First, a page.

In a data communication mode, a received signal such as a text message, an e-mail message, or web page download will be processed by communication subsystem 411 and input to microprocessor 438. Microprocessor 438 will preferably further process the signal for output to display 422, to auxiliary I/O device 428 or both. A user of mobile electronic device 402 may also compose data items, such as e-mail messages, for example, using keyboard 432 in conjunction with display 422 and possibly auxiliary I/O device 428. Keyboard 432 is preferably a telephone type keypad, full alphanumeric keyboard or full or condensed QWERTY keypad. These composed items may be transmitted over a communication network through communication subsystem 411.

For voice communications, the overall operation of mobile electronic device 402 is substantially similar, except that the received signals would be output to speaker 434 and signals for transmission would be generated by microphone 436. Alternative voice or audio I/O subsystems, such as a voice message recording subsystem, may also be implemented on mobile electronic device 402. Although voice or audio signal output is preferably accomplished primarily through speaker 434, display 422 may also be used to provide an indication of the identity of a calling party, duration of a voice call, or other voice call related information, as some examples.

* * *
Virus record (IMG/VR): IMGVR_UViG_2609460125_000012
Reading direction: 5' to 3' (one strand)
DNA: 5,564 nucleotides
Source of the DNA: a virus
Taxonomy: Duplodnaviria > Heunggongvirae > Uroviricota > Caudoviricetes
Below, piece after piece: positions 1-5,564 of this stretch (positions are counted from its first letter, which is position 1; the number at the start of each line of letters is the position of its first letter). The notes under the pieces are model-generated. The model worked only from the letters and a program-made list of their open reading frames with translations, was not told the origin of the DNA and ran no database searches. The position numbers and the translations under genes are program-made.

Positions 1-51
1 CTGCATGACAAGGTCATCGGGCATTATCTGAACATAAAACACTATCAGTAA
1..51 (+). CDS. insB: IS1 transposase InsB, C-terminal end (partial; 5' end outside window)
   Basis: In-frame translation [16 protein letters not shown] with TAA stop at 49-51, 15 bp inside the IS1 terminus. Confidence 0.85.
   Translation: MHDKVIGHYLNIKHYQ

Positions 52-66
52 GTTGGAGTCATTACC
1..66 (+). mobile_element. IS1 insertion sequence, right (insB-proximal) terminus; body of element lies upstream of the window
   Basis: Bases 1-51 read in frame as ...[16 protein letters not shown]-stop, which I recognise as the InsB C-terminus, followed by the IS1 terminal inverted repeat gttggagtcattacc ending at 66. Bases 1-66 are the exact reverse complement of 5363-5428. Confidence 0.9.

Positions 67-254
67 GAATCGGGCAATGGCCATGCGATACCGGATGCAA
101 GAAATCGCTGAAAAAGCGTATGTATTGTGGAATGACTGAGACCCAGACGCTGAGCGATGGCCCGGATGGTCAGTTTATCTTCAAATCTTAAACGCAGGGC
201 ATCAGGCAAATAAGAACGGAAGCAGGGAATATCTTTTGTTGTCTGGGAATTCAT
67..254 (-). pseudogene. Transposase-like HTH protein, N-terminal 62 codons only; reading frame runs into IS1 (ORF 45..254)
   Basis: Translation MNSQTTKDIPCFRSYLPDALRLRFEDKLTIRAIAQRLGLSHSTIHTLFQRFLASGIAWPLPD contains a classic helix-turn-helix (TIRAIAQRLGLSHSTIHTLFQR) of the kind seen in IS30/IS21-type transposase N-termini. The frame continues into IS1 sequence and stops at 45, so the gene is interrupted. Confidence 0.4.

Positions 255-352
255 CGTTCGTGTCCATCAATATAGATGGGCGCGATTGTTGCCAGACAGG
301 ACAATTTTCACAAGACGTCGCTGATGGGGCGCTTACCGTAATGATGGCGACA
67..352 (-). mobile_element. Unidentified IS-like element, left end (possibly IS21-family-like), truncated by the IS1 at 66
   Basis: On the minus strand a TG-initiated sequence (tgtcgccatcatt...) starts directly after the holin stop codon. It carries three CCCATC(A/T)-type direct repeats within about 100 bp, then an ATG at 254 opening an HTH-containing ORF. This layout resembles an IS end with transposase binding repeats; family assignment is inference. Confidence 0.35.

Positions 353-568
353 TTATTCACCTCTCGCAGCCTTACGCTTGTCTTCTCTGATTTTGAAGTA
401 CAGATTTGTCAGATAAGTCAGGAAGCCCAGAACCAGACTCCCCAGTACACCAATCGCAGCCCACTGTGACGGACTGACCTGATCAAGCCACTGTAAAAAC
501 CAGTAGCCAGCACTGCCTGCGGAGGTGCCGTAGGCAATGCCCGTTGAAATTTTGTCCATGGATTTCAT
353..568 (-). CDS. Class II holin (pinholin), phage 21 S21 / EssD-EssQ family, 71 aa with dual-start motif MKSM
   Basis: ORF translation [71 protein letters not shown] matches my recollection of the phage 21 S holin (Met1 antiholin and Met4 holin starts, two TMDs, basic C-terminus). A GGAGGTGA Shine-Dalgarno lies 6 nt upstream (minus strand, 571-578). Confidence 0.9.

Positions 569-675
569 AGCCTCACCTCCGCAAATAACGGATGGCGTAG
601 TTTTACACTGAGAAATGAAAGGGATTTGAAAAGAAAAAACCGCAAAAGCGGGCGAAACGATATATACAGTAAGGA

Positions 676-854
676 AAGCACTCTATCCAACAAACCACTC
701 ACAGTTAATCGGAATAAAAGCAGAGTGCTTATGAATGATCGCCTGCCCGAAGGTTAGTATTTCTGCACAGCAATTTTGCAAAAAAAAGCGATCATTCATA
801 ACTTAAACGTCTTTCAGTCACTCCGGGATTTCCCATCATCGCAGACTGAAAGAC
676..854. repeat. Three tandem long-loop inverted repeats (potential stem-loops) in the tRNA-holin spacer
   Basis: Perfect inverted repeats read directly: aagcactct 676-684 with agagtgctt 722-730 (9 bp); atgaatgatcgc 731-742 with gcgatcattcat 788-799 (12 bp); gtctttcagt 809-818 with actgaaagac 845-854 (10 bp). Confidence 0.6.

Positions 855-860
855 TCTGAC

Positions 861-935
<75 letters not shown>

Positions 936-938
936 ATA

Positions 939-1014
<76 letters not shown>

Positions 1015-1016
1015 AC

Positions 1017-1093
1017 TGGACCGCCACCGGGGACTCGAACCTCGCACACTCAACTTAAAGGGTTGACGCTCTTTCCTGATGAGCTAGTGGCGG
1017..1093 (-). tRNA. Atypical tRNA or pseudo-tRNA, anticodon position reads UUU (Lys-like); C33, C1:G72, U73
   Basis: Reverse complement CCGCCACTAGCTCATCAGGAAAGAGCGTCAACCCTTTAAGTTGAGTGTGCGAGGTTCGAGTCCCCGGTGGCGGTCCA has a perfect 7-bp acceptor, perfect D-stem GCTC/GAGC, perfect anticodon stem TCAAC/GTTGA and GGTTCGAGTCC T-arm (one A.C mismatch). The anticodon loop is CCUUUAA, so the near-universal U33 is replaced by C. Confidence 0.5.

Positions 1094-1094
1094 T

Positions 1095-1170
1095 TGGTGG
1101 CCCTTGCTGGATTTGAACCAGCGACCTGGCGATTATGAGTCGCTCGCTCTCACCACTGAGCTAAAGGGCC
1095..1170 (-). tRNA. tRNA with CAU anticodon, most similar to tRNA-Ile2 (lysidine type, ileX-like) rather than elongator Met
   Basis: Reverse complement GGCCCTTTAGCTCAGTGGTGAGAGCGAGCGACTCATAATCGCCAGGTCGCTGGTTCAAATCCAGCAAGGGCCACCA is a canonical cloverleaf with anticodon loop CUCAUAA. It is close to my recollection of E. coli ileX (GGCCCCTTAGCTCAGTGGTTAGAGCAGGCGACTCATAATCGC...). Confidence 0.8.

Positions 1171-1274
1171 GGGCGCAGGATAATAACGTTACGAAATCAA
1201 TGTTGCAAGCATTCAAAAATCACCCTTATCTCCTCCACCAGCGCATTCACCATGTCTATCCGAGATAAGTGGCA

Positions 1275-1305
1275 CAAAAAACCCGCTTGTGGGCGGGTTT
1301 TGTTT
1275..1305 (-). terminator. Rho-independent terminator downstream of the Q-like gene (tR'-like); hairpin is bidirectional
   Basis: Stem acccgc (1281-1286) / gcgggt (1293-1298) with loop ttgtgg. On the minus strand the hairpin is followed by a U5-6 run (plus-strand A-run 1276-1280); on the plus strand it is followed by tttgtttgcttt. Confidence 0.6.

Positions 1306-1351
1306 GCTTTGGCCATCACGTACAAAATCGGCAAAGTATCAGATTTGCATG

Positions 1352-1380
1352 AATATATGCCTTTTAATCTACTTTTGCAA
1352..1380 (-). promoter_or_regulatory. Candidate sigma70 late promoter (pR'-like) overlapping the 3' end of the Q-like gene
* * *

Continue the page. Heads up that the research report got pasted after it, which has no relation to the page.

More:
Serial port 430 in FIG. 4 is normally implemented in a personal digital assistant (PDA)-type communication device for which synchronization with a user's desktop computer is a desirable, albeit optional, component. Serial port 430 enables a user to set preferences through an external device or software application and extends the capabilities of mobile electronic device 402 by providing for information or software downloads to mobile electronic device 402 other than through a wireless communication network. The alternate download path may, for example, be used to load an encryption key onto mobile electronic device 402 through a direct and thus reliable and trusted connection to thereby provide secure device communication.

Short-range communications subsystem 440 of FIG. 4 is an additional optional component which provides for communication between mobile electronic device 402 and different systems or devices, which need not necessarily be similar devices. For example, subsystem 240 may include an infrared device and associated circuits and components, or a Bluetooth™ communication module to provide for communication with similarly-enabled systems and devices. Bluetooth™ is a registered trademark of Bluetooth SIG, Inc.